National Investigation Agency

Need for NIA

  • NIA was constituted in the wake of 26/11 Mumbai terror attack in November 2008.
  • Aim was to develop a national police force to investigate a selected class of criminal offences that constitute a direct threat to national safety.

About NIA

  • A central agency mandated to investigate all offences affecting sovereignty, security and integrity of India, friendly relations with foreign states, and offences under statutory laws enacted to implement international treaties, agreements, conventions and resolutions of UN, other international organisations.
  • Includes terror acts and their possible links with crimes like smuggling of arms, drugs, fake Indian currency and infiltration from across borders.
  • Has power to search, seize, arrest & prosecute those involved in such offences.
  • Jurisdiction extends to whole of India and applies to Indian citizens outside the country. 

Scheduled Offences

  • Includes Explosive Substances Act, Atomic Energy Act, Unlawful Activities (Prevention) Act, Anti-Hijacking Act, Suppression of Unlawful Acts against Safety of Civil Aviation Act, SAARC Convention (Suppression of Terrorism) Act, Suppression of Unlawful Acts Against Safety of Maritime Navigation and Fixed Platforms on Continental Shelf Act, Weapons of Mass Destruction and their Delivery Systems (Prohibition of Unlawful Activities) Act and relevant offences in Indian Penal Code, Arms Act and Information Technology Act.
  • In 2020, Centre empowered NIA to probe offences under Narcotic Drugs and Psychotropic Substances Act that are connected to terror cases.

NIA takes up cases from State Government

  • State governments can refer cases pertaining to scheduled offences registered at any police station to Central government for NIA investigation. After assessing details, Centre can then direct NIA to take over the case. State governments are required to extend all assistance to NIA.
  • Suo-Moto cognisance by centre: When Central government is of the opinion that a scheduled offence has been committed which is required to be investigated under the Act, it may, Suo motu, direct agency to take up/over the probe.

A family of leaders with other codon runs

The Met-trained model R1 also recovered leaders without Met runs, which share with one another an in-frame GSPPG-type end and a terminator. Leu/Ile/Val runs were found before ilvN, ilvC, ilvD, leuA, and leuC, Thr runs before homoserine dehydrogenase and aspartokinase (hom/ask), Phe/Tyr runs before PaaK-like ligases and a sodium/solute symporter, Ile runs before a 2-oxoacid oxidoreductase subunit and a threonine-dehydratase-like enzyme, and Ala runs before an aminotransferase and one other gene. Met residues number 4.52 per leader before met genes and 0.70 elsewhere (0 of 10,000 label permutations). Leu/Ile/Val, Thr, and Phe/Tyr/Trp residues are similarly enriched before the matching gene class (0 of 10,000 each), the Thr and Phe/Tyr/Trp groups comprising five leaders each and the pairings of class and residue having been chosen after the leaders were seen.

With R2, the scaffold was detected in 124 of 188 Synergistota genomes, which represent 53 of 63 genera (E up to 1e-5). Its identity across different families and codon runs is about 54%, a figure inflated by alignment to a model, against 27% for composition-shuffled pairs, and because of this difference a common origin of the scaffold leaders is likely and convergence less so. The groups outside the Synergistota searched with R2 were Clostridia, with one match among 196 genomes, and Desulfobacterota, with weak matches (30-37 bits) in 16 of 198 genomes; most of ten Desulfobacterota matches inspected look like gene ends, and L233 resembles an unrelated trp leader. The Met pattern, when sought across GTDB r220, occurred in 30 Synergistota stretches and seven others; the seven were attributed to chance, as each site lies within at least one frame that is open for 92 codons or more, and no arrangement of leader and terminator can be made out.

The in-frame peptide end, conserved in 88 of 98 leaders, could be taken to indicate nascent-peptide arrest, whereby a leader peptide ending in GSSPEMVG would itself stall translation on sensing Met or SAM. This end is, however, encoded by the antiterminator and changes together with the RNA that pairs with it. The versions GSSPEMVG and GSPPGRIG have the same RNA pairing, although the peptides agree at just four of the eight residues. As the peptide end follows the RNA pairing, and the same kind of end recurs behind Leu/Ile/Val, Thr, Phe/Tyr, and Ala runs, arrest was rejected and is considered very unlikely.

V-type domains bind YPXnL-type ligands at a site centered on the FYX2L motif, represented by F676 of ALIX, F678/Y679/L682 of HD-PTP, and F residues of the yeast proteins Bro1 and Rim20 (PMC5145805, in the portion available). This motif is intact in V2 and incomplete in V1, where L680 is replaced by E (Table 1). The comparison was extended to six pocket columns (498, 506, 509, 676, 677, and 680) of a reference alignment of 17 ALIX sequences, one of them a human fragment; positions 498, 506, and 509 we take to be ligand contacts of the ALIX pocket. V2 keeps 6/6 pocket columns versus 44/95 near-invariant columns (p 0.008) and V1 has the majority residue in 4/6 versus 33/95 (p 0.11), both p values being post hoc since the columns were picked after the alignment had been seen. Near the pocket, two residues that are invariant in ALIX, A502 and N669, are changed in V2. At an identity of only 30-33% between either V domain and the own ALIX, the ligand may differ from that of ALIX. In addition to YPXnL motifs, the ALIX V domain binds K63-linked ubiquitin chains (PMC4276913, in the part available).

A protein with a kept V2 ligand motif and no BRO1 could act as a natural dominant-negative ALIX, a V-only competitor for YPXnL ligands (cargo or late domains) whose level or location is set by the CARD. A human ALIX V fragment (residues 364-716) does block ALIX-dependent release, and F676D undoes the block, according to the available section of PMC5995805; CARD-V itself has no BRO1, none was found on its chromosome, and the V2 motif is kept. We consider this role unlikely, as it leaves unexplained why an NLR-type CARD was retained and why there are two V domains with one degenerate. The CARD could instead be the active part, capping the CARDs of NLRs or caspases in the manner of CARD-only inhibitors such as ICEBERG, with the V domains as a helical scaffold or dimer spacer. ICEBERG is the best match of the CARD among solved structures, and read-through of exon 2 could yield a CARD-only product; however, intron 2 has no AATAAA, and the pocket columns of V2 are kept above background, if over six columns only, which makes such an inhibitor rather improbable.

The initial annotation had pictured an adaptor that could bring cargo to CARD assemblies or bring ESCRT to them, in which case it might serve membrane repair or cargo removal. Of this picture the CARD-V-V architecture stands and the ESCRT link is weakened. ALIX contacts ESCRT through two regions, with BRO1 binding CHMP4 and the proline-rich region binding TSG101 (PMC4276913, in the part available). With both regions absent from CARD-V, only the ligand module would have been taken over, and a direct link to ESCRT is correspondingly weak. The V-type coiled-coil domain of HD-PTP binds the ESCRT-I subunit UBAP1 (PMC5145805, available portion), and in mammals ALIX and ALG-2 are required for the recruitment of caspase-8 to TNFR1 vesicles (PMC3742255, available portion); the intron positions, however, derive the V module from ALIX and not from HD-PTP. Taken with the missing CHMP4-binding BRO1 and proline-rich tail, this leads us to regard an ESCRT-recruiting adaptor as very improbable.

• When Central government finds that a scheduled offence has been committed at any place outside India to which this Act extends, it can also direct the NIA to register the case and take up investigation.
  • NIA can investigate any other offence which accused is alleged to have committed if the offence is connected to the scheduled offence.

NIA Act & Federalism

  • Issues have been raised against Suo-Moto cognisance by Central Government for investigating crimes which might fall under the state government’s sphere.  
  • State Governments having no say if Central Government decides to get cases investigated by NIA.
  • Constitutionally it is considered that public order and policing are subject matter of State Government, and in case of criminal law and criminal procedure both the Governments enjoy powers simultaneously.Bombay High Court upheld constitutional validity of NIA.Court has considered that when the parliament is competent to enact the law for the subjects enumerated in the schedule to the NIA Act, it is equally competent to create an agency for the investigation of the offences specified in it.
  • Issues have been raised against the potential of political interference in functioning of the states even in routine law and order cases.

Issues with the UAPA and NIA Act

  • Implicitly restricting right of dissent was in contradiction with Article 14 (right to equality),19 of Constitution (right to freedom of expression), and 21(right to life). Moreover, it does not offer so-called terrorist any chance to justify his case prior to his arrest.
  • UAPA authorises the government to arrest citizens who may commit the crimes listed in it.
  • Prohibits disagreement: Can be used to criminalise political protest that produce disaffection with state.Against article 21: Those apprehended under UAPA can be imprisoned for up to 180 days without being charged.Grants government vast discretionary powers and enables establishment of special courts with ability to use secret witnesses and hold closed-door hearings.
  • The provision of designating individuals as terrorist can be misused against political opponents.
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